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Swift's parentage and birth-His life at college-His first residence with Sir William Temple-Visits Oxford-He takes orders, and obtains the living of Kilroot-Resigns that living in favour of a friend, and returns to England -His second residence with Sir William Temple-The Battle of the Books, and Tale of a Tub-Verses on the Burning of Whitehall-Swift's correspondence with Miss Waryng-He becomes acquainted with Stella-Sir William Temple dies and bequeaths his works to Swift -Swift's views of promotion at the Court are disappointed.

THE life of Swift forms an interesting and instructive narrative to all who love to contemplate those alternations of good and evil which chequer the fate of individuals, distinguished by their talents and by their fame. Born under circumstances of the most pressing calamity, educated by the cold and careless charity of relations, denied the usual honours attached to academical


study, and spending years in dependence upon the inefficient patronage of Sir William Temple, the earlier part of his history may be considered as a continued tale of depressed genius and disappointed hopes. Yet, under all these disadvantages, Swift arose to be the counsellor of a British administration; the best defender of their measures; and the intimate friend of all who were noble or renowned, learned or witty, in the classic age of Queen Anne. Nor were the events of his latter years less strongly contrasted. Involved

in the fall of his patrons, he became a discontented and persecuted exile from England, and from his friends, yet, almost at once, attained a pitch of popularity which rendered him the idol of Ireland, and the dread of those who ruled that kingdom. Nor was his domestic fate less extraordinary—loving, and beloved by two of the most beautiful and interesting women of the time, he was doomed to form a happy and tranquil union with neither, and saw them sink successively to the grave, under the consciousness that their mortal disease had its source in disappointed hopes, and ill-requited affection. His talents, also, the source of his fame and his pride, whose brilliancy had so long dazzled and delighted mankind, became gradually clouded by disease, and perverted by passion, as their possessor approached the goal of life; and, ere he attained it, were levelled far below those of ordinary humanity. From the life of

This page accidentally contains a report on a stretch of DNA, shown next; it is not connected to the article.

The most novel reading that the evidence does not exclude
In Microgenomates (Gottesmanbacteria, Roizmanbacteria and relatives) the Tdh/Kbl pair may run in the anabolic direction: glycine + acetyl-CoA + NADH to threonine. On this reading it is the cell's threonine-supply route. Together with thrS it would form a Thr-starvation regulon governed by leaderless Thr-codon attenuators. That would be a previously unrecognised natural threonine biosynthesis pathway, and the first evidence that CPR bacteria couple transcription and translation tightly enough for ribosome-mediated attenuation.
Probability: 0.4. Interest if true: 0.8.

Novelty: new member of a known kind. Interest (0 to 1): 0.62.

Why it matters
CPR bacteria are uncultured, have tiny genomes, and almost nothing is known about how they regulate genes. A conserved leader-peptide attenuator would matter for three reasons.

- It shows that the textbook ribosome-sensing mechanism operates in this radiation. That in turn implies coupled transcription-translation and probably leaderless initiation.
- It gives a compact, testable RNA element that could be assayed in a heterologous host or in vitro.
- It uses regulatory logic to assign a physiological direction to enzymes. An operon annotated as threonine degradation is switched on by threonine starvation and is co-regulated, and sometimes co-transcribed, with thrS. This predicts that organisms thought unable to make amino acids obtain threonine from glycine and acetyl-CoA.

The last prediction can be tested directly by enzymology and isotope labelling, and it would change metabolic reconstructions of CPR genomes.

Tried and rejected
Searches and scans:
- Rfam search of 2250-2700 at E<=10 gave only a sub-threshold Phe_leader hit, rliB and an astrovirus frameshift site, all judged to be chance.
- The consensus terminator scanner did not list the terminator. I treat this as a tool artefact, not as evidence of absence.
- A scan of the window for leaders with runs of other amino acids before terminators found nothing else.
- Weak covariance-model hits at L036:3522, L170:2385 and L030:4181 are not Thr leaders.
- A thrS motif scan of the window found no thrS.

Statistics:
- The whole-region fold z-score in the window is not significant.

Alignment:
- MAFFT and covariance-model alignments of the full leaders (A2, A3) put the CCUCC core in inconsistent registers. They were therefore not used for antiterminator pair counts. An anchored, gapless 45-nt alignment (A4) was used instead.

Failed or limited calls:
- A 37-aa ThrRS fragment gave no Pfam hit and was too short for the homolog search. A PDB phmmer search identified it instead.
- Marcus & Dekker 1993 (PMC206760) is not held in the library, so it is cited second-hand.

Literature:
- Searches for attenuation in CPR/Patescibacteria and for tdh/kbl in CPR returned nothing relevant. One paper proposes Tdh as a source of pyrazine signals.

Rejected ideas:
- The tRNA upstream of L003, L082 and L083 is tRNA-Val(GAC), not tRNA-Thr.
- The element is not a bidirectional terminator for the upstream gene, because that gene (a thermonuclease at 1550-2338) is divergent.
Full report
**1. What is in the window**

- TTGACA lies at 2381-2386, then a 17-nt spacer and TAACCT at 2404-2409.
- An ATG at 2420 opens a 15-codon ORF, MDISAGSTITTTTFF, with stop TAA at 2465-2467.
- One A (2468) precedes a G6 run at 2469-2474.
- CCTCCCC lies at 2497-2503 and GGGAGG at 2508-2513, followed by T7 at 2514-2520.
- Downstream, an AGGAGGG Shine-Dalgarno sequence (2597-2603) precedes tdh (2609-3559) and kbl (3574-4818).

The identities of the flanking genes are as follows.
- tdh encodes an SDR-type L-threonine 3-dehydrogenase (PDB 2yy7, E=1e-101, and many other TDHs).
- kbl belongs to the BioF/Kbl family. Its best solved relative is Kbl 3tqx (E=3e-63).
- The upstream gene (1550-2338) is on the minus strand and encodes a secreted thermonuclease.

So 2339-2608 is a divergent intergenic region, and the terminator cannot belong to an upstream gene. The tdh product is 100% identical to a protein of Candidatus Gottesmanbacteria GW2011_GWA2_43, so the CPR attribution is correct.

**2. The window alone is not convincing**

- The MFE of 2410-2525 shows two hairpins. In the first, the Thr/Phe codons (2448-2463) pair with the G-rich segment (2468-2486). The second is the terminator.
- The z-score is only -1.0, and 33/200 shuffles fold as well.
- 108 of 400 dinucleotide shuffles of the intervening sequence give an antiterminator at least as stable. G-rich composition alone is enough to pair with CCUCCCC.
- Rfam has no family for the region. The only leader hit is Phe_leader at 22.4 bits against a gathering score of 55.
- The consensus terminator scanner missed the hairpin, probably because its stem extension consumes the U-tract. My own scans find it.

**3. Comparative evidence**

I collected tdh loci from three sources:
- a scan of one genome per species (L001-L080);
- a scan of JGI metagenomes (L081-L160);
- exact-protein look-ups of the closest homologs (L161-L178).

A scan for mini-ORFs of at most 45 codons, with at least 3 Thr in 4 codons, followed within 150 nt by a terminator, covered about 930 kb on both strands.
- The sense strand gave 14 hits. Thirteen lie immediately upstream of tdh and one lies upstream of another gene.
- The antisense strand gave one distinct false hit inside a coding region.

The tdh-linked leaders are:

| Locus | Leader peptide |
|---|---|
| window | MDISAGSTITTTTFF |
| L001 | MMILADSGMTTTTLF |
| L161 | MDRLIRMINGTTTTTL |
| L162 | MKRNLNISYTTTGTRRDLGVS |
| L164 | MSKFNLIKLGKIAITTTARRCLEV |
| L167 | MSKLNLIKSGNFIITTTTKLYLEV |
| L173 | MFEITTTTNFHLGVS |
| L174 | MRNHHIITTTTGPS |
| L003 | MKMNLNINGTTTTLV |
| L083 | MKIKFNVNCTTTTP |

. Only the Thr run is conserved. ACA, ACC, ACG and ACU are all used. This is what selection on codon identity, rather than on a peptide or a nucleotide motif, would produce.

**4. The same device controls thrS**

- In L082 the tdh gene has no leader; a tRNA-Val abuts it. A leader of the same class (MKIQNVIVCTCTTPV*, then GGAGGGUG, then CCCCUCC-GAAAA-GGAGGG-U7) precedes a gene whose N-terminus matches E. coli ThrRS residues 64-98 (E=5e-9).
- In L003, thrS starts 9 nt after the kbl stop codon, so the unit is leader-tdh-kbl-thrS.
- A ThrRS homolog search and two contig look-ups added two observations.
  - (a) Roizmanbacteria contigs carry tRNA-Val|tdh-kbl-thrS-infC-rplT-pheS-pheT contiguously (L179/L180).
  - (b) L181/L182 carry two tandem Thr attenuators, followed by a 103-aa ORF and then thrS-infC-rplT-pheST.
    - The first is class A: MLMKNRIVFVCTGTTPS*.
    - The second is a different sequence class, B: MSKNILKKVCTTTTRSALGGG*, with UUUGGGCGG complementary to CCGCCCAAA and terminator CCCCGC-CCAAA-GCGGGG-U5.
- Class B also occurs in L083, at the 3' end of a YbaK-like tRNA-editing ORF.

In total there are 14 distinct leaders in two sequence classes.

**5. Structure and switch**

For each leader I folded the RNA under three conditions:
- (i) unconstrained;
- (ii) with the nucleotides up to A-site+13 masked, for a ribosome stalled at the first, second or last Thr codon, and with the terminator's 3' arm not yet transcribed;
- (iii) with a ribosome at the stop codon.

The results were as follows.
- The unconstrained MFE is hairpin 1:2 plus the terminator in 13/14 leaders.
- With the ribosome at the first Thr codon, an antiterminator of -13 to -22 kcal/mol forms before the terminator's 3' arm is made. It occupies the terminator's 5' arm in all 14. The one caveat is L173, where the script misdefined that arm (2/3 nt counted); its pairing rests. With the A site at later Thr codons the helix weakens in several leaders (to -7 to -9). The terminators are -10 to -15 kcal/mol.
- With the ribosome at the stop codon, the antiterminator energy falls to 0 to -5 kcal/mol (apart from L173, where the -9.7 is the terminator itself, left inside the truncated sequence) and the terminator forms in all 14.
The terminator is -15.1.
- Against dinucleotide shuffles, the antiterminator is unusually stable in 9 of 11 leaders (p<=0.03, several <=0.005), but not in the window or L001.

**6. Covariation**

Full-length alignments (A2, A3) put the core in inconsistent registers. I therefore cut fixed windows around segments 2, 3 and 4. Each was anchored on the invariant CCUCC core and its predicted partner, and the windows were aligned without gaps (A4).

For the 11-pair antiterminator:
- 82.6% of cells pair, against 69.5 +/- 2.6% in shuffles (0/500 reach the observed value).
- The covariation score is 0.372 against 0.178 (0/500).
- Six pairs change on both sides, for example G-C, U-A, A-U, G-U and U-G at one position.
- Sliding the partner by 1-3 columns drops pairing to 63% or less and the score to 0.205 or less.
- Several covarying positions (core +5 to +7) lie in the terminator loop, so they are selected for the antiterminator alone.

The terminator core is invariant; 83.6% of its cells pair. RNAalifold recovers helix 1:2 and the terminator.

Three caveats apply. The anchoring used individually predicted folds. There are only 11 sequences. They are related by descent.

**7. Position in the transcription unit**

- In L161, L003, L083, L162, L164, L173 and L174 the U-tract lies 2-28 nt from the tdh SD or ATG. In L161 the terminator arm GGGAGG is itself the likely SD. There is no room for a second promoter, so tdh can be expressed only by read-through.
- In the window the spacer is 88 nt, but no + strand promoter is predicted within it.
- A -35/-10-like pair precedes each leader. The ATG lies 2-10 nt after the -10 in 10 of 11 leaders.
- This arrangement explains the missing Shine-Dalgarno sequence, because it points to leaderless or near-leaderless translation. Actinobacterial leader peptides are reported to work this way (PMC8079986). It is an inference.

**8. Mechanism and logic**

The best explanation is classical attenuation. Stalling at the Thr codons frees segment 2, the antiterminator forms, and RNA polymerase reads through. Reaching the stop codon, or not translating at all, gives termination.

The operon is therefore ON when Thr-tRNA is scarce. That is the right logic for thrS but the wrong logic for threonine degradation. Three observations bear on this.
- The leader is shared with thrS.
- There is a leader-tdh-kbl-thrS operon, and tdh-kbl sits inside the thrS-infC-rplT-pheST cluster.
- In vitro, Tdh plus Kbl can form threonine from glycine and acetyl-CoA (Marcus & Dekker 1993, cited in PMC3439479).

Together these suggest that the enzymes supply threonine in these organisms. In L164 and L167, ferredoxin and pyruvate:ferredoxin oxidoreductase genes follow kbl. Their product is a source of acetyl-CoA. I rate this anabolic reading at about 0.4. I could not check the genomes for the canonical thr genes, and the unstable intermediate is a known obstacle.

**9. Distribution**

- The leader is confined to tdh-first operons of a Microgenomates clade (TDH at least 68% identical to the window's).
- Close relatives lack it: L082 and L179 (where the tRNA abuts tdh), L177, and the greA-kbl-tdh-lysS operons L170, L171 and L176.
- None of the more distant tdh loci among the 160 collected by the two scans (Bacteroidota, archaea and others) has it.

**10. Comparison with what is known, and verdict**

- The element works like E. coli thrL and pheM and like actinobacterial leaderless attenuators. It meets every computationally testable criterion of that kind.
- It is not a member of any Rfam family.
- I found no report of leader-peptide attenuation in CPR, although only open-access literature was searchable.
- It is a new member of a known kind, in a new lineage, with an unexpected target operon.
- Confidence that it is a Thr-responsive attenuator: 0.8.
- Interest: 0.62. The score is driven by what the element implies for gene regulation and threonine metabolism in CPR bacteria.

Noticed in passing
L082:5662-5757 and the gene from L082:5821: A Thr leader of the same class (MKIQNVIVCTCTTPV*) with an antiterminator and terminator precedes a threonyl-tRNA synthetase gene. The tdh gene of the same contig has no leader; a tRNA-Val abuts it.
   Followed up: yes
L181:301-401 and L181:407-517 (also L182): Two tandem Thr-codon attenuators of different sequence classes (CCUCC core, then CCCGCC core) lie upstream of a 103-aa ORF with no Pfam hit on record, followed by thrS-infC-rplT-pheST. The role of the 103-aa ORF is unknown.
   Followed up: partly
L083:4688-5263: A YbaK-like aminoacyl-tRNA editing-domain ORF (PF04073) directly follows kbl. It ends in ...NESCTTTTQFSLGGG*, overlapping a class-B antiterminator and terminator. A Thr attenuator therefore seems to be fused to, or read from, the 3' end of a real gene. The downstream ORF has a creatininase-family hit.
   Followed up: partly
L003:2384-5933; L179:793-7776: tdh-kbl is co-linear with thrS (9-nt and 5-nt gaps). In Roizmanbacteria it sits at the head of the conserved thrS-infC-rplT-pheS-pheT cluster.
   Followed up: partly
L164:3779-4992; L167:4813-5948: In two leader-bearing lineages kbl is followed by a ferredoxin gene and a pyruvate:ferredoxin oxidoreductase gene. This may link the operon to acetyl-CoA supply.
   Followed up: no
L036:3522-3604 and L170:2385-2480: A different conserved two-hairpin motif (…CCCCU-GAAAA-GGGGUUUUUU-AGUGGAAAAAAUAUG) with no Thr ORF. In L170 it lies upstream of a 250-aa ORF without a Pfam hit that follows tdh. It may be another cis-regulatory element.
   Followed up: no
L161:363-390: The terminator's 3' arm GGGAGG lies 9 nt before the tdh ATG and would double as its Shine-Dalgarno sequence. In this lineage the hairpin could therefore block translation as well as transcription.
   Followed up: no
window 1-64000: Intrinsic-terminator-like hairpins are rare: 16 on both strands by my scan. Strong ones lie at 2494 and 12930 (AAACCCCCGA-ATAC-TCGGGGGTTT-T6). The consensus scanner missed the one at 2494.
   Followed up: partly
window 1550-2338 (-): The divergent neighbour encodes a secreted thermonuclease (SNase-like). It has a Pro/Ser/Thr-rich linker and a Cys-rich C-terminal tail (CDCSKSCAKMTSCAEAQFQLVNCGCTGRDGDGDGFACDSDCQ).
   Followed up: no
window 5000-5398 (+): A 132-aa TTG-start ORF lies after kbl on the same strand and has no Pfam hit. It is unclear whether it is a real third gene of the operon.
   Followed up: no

Swift, therefore, may be derived the important lesson, that, as no misfortunes should induce genius to despair, no rank of fame, however elevated, should encourage its possessor to presumption. And those to whom fate has denied such brilliant qualities, or to whom she has refused the necessary opportunities of displaying them, may be taught, while perusing the history of this illustrious man, how little happiness depends upon the possession of transcendent genius, of political influence, or of popular renown.

Jonathan Swift, Doctor of Divinity, and Dean of St Patrick's, Dublin, was descended from the younger branch of the family of Swifts, in Yorkshire, which had been settled in that county for many years. His immediate ancestor was the Reverend Thomas Swift, vicar of Goodrich, in Herefordshire, and proprietor of a small estate in that neighbourhood. At the beginning of the civil wars, this gentleman distinguished himself by his zeal and activity in the cause of Charles I.; and his grandson has recorded, in a separate memoir, his exploits and sufferings during the civil wars. To that memoir, and the notes which accompany it, the reader is referred for farther particulars concerning Swift's family. After having been repeatedly plundered by the par

* See No. I. Appendix. Swift put up a plain monument to his grandfather, and also presented a cup to the church of

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